Watching the Slow-Motion Crash of the Regionalization Train
It may not add up to a silver lining, but hopefully folks are beginning to see why Anchor Rising contributors have been very suspicious of calls to regionalize or centralize government and its services:
[League of Cities and Towns Executive Director Dan Beardsley] also spoke of new limits on municipal contracts to ban: automatic renewals for expired agreements; retirement benefits that exceed the statewide standard, should one be adopted,and provisions such as minimum manning rules that limit municipalities’ ability to close or reorganize departments.
Beardsley said those changes were needed to undo years of bad laws and, in his opinion, excessive arbitration decisions that had unreasonably increased municipal benefits such as pay for unused sick time.
[AFL-CIO President George] Nee said the contracts were the result of both sides agreeing to the terms, and it was disingenuous for municipal officials to blame unions for the deals they signed themselves.
Frankly, Nee’s right. The people whom Rhode Islanders have allowed to operate local governments have acceded to union demands much too enthusiastically. Moreover, they haven’t adequately pushed back against mandates and statutes at the state level that have tilted the game board in the direction of unions and other special interests. Only when things begin to fall apart do they begin to strike poses of complaint.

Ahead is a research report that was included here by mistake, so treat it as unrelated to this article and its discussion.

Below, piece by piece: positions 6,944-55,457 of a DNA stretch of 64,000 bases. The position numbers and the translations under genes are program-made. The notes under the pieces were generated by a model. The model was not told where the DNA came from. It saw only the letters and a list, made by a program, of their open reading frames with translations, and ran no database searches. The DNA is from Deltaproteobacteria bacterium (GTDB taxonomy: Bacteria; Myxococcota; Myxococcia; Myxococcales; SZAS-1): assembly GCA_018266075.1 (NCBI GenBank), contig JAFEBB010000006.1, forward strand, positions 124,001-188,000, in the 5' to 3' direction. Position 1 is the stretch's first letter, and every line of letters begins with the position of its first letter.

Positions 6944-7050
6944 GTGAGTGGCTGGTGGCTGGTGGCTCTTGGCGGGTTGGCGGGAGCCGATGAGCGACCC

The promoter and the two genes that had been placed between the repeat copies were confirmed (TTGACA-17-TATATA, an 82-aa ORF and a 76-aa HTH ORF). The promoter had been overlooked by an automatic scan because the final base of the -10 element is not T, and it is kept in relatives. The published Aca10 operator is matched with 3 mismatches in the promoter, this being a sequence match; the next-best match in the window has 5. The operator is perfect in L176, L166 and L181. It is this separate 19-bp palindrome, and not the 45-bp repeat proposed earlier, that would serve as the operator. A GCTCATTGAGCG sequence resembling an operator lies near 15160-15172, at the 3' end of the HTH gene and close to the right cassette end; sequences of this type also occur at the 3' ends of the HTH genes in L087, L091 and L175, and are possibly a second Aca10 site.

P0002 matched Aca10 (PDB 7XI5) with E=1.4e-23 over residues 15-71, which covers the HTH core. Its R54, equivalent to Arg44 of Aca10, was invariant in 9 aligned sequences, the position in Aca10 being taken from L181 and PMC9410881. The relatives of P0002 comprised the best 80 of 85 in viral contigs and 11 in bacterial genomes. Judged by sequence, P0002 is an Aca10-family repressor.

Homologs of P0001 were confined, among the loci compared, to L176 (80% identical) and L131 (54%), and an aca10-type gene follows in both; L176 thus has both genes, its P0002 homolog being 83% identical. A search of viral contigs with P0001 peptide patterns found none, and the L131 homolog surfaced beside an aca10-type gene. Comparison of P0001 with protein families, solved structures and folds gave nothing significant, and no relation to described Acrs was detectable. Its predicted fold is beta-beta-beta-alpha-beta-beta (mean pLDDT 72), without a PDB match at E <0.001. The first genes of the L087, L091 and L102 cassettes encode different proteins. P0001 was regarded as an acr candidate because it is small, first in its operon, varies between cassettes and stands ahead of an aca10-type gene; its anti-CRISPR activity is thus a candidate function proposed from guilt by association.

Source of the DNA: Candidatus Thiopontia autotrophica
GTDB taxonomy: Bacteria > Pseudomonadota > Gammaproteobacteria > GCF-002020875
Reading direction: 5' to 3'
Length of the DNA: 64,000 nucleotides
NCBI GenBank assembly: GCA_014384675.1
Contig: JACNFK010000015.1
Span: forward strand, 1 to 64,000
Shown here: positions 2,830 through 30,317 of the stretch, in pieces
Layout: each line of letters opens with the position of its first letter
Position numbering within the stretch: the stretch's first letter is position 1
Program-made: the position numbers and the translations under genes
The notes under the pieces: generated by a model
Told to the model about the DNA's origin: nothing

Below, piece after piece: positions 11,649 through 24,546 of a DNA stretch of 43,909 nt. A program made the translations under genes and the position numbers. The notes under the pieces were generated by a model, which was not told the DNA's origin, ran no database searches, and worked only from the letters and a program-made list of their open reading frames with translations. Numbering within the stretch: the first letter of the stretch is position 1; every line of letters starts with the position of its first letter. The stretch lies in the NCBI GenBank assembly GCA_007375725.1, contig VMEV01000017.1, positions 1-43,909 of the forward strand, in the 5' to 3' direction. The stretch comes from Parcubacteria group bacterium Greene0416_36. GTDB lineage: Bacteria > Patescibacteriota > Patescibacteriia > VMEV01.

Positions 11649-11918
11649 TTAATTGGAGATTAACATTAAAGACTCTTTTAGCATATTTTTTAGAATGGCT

But note, in that process, that the state has not been the source of reason. The larger, superseding government and its officials have been drawing municipalities in the harmful direction, not striving to hold them back. What on Earth makes folks think that giving them more direct control — as with statewide teacher contracts, more say on healthcare programs, and a stronger position in local affairs — will be to the better?
Even just a few paragraphs away, we get this:
John C. Simmons, executive director of the Rhode Island Public Expenditure Council, said while proposals in the report for a city merger or for a regionalization of services were interesting, other options might be considered, too, such as the state simply taking over all city services in Central Falls.
All that means, it seems to me, is that the unreasonable costs of Central Falls’ agreements will be spread across the entire state. Hiding those costs and deflating accountability is clearly not the way to bring the city or the state toward the practice of better decision making.